I was reluctant to push her

Friends of older children told me how they too had struggled with getting their children to do homework, but were now on course to get 10 grades A-C in their GCSEs.

Part of my reluctance to push my daughter was due to my unhappiness at being streamed at school. Placed in the top set out of five I struggled emotionally and couldn’t cope with coming at the bottom of the class – even though my class mates were all exceptionally bright.

Every test I got a C, when everyone else got Bs or As felt like a failure; so much so to the extent that I didn’t do my homework and deliberately failed tests. Several Ds and Es later It worked and I got put intothe next set down.

In that set I thrived. I came first in most tests without too much effort, which meant my school days were as much about fun and socialising as learning.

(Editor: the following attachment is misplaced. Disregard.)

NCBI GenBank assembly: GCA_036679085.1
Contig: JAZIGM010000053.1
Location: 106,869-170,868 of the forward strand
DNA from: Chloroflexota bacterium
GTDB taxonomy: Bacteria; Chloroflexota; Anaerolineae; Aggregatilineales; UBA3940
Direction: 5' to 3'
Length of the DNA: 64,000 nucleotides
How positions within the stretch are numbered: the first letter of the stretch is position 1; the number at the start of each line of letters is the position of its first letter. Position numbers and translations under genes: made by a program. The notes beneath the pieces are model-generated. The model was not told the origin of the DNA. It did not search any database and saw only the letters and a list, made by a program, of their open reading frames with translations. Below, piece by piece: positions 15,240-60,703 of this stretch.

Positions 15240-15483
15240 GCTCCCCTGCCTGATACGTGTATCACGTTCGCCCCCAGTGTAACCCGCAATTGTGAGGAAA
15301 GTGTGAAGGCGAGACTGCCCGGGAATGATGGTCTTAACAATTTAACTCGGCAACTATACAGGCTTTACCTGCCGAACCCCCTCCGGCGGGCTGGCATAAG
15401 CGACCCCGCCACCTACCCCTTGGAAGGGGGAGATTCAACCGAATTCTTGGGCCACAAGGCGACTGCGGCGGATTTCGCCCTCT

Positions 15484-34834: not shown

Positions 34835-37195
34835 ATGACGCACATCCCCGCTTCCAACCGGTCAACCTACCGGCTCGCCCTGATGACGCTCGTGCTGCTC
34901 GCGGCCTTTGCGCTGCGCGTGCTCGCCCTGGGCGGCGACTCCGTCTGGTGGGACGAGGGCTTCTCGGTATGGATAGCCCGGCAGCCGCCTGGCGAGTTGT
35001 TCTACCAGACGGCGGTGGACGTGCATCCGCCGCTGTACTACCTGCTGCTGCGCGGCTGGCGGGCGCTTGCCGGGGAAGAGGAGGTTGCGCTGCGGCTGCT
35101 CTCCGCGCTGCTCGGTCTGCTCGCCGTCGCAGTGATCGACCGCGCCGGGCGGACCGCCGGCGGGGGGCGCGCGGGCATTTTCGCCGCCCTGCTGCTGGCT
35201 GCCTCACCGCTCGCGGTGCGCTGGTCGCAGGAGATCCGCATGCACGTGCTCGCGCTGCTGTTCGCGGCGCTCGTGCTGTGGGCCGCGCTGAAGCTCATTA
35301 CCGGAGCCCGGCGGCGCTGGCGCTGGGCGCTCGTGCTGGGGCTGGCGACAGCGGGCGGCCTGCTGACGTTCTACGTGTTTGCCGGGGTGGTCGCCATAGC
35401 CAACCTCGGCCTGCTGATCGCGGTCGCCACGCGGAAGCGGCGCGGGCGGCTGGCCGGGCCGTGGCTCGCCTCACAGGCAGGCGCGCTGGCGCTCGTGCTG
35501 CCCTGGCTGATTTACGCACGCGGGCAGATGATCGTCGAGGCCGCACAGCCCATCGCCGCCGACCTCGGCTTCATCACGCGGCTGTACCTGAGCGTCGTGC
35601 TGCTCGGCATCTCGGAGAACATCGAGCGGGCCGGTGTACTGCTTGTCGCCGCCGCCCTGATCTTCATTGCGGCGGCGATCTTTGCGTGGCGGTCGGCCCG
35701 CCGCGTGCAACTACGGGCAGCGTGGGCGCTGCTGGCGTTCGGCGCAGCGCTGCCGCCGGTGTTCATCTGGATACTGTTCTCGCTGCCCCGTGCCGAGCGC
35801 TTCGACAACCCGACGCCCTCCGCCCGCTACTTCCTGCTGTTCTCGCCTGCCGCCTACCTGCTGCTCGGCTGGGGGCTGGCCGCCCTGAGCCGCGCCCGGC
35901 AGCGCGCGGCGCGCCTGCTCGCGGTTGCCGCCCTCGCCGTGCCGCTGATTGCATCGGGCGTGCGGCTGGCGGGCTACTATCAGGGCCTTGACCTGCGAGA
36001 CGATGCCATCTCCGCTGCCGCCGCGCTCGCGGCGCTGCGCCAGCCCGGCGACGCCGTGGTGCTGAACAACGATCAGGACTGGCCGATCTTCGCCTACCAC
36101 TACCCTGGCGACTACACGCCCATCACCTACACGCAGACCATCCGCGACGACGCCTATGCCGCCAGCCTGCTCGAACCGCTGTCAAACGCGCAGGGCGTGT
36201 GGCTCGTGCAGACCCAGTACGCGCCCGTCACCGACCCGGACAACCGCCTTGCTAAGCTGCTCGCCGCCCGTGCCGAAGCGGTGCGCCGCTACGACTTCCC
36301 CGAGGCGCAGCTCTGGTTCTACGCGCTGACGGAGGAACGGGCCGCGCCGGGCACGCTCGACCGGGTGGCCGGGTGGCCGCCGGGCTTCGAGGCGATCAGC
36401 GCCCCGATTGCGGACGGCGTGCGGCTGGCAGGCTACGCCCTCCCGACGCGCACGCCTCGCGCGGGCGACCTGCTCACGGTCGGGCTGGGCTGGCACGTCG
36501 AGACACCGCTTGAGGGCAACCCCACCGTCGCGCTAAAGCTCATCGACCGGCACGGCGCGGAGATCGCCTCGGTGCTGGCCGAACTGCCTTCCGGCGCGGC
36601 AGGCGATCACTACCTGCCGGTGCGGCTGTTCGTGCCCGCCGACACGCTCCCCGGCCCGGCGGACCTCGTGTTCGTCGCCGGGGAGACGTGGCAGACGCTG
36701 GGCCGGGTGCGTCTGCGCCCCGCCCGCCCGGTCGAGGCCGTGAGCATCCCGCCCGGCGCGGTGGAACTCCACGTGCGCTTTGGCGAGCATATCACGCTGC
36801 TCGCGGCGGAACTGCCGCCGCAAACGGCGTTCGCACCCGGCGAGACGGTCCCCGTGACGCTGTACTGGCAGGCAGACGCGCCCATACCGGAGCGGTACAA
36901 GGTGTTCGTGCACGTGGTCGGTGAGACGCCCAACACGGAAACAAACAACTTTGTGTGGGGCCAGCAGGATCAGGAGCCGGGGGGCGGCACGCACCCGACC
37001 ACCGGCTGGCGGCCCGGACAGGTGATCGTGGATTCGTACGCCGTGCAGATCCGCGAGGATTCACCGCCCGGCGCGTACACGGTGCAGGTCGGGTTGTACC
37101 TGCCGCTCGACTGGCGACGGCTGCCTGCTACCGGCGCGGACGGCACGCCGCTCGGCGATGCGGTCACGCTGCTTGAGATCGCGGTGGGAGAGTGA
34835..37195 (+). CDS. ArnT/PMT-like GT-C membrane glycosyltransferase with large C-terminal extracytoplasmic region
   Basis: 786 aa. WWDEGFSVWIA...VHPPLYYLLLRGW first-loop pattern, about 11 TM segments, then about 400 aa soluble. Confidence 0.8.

I coasted through my ‘O’ and ‘A’  levels without too much effort and graduated from university without experiencing too much stress.

My husband’s experiences were similar.

Our laid back approach needed a rethink

But those were different times. Times when you left school or university – if you were like me and one of the 10 per cent of my age group who has a degree – you were assured of getting a job.

Even though I graduated during a recession I still managed to walk into a job where I worked alongside Oxbridge graduates.

But today being average is not nearly good enough; I’ve seen how once well-paid jobs are now being farmed off to interns and how even having a degree or a profession is no guarantee of financial or emotional security

Our laid-back approach needed a re-think.

Society’s pressures are creeping in

My daughter is a success in my eyes but as she gets older I see society’s pressures and expectations creeping in. Even those of the school mums.